Salgado recently completed an 8-year project entitled ‘Genesis’. It is one of the first large-scale projects he has produced since that rupture. The book is the culmination of his life’s process, a return to the essence of nature and how man fits into it. The images captured, the miles travelled and the years spent on the ground making ‘Genesis’ are, in a sense, the manifestation of one man’s rekindled hope for humanity.
“These things that I photograph are what is pristine in this planet and we must protect them in order for them to remain,” he says, his voice building with a sense of urgency, “and we must rebuild at least part of the things that we have destroyed.”
And so Salgado sought out communities scattered around the globe that have escaped the tangling coils of modernity. From the Indians of the tropical Amazonian rainforests in Brazil, to the nomadic Arctic tribes of the northern-most reaches of Siberia, the photographer tracked humanity to its remotest homes. He lived with his subjects in their tepees and hunted with them using their bows and arrows. Each trip lasted two months. The proximity and intimacy clearly expressed in his record of his journeys is of the kind that can only spring of well-nurtured and mutual trust.
He leaves his seat and motions me toward a mammoth book lying on the table nearby. Genesis will be produced by Taschen, the German artbook publishers, who are renowned for their quality and artistic regard. All but overwhelming the table, the book is presented like a handwritten Bible, bound with minute precision, its contents selected as carefully as a museum exhibition.
Salgado runs his fingertips across the pages, which are printed in strikingly nuanced hues of grey, full of deep shadows and floating expanses of white. The volume has become a faithful portfolio of his journeys: a masterpiece in itself that the photographer is evidently proud to include among his work. The grandeur of this collection is well suited to his all-encompassing mission:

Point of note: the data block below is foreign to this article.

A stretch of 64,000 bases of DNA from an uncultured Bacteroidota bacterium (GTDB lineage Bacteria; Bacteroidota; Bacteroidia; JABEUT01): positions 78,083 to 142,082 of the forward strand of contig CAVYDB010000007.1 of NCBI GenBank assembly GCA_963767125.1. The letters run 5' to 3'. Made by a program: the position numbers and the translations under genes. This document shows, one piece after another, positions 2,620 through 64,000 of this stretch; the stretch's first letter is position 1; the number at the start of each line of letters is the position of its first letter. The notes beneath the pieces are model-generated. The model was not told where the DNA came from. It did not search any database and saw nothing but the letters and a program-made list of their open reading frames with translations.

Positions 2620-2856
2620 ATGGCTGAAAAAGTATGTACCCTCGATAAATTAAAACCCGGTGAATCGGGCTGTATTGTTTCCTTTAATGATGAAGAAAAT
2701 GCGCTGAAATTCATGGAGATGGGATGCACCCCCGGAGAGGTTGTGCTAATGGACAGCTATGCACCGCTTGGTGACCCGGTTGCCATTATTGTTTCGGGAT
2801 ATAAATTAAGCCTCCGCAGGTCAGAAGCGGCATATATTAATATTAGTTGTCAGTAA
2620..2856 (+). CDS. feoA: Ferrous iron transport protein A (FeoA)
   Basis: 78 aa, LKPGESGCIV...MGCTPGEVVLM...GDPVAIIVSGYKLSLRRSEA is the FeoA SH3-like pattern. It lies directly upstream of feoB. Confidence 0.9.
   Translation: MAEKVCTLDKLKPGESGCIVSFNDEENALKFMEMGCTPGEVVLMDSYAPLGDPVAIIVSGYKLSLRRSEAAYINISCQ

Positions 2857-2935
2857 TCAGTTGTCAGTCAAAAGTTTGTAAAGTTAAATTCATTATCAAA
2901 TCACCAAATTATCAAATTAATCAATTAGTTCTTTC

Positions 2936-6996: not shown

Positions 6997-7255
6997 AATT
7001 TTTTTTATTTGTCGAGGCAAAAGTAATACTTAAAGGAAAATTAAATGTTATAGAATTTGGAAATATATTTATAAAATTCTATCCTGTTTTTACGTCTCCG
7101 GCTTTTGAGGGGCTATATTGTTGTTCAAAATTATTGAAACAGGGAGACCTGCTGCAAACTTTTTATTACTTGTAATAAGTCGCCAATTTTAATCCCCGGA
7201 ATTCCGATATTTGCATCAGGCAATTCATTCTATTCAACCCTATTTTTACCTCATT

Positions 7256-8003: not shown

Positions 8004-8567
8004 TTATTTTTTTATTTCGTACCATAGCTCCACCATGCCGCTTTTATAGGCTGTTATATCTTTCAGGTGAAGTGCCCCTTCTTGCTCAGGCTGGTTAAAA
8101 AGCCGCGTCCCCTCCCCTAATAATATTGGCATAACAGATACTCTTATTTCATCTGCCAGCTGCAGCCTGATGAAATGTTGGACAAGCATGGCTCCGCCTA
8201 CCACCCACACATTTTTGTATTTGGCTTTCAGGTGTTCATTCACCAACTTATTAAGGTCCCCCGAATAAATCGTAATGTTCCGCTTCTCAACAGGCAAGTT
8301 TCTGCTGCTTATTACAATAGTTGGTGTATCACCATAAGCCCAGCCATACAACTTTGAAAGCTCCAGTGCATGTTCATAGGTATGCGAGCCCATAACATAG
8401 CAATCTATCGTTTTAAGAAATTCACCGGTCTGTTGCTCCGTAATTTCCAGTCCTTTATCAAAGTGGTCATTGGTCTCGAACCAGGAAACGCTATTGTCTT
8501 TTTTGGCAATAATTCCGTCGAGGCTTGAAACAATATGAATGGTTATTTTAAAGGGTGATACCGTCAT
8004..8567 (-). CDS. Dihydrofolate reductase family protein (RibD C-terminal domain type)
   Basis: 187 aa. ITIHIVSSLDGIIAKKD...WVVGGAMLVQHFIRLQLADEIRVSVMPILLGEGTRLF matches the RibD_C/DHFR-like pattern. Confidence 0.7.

“A work can become an artwork but to become an artwork, it must be long-term and become representative of a historical moment that we live… I did this because it was my life,” he says, turning the pages of ‘Genesis’, smiling, sometimes murmuring a word or something incomprehensible that means nothing to me but which to him, must be triggered by memories of each cherished encounter captured here. “Photography has an incredible power. It is a powerful language.”
Salgado stops at a page depicting an Arctic landscape that is the home of the Nenet in northern Siberia. Nomads, following the routes they’ve traced across the ice for thousands of years, surviving on raw fish and reindeer blood, the Nenet are steadfast in their fight to preserve their language and traditions.
The tribe define Minimalist. Herding reindeer and living in the tundra during the harshest of winter months, they own only what can be carried on their back, or heaped on the dogsled. The dark forms of men and women stand out against pristine white, as some unpack their immense sleds and others construct their tepees for the night. Animal skins lie on the frozen ground, their sleds sit further in the distance. A sense of order and organisation reigns over the scene. Salgado smiles. “I learned with these guys the meaning of the word ‘essential’. They can only take what they can put inside the sled. If I give them a gift they will not take it because they can’t carry it.”
These communities represent a luminous renaissance for the photographer. In an effort to preserve our sacred bond with nature, Sebastião Salgado has sought out the last pristine swathes of it that remain for us to inherit, photographing them, preserving them, creating ties with the communities that live in them and who still haven’t forgotten what is most crucial to our existence.
‘Genesis’ is an ode to our origins and an optimistic perspective of our world and all its natural glory, an intimate portrait and an unmissable opportunity to see, in a million shades of black, white and grey, the possibilities, the people and the places that most of us never even knew existed.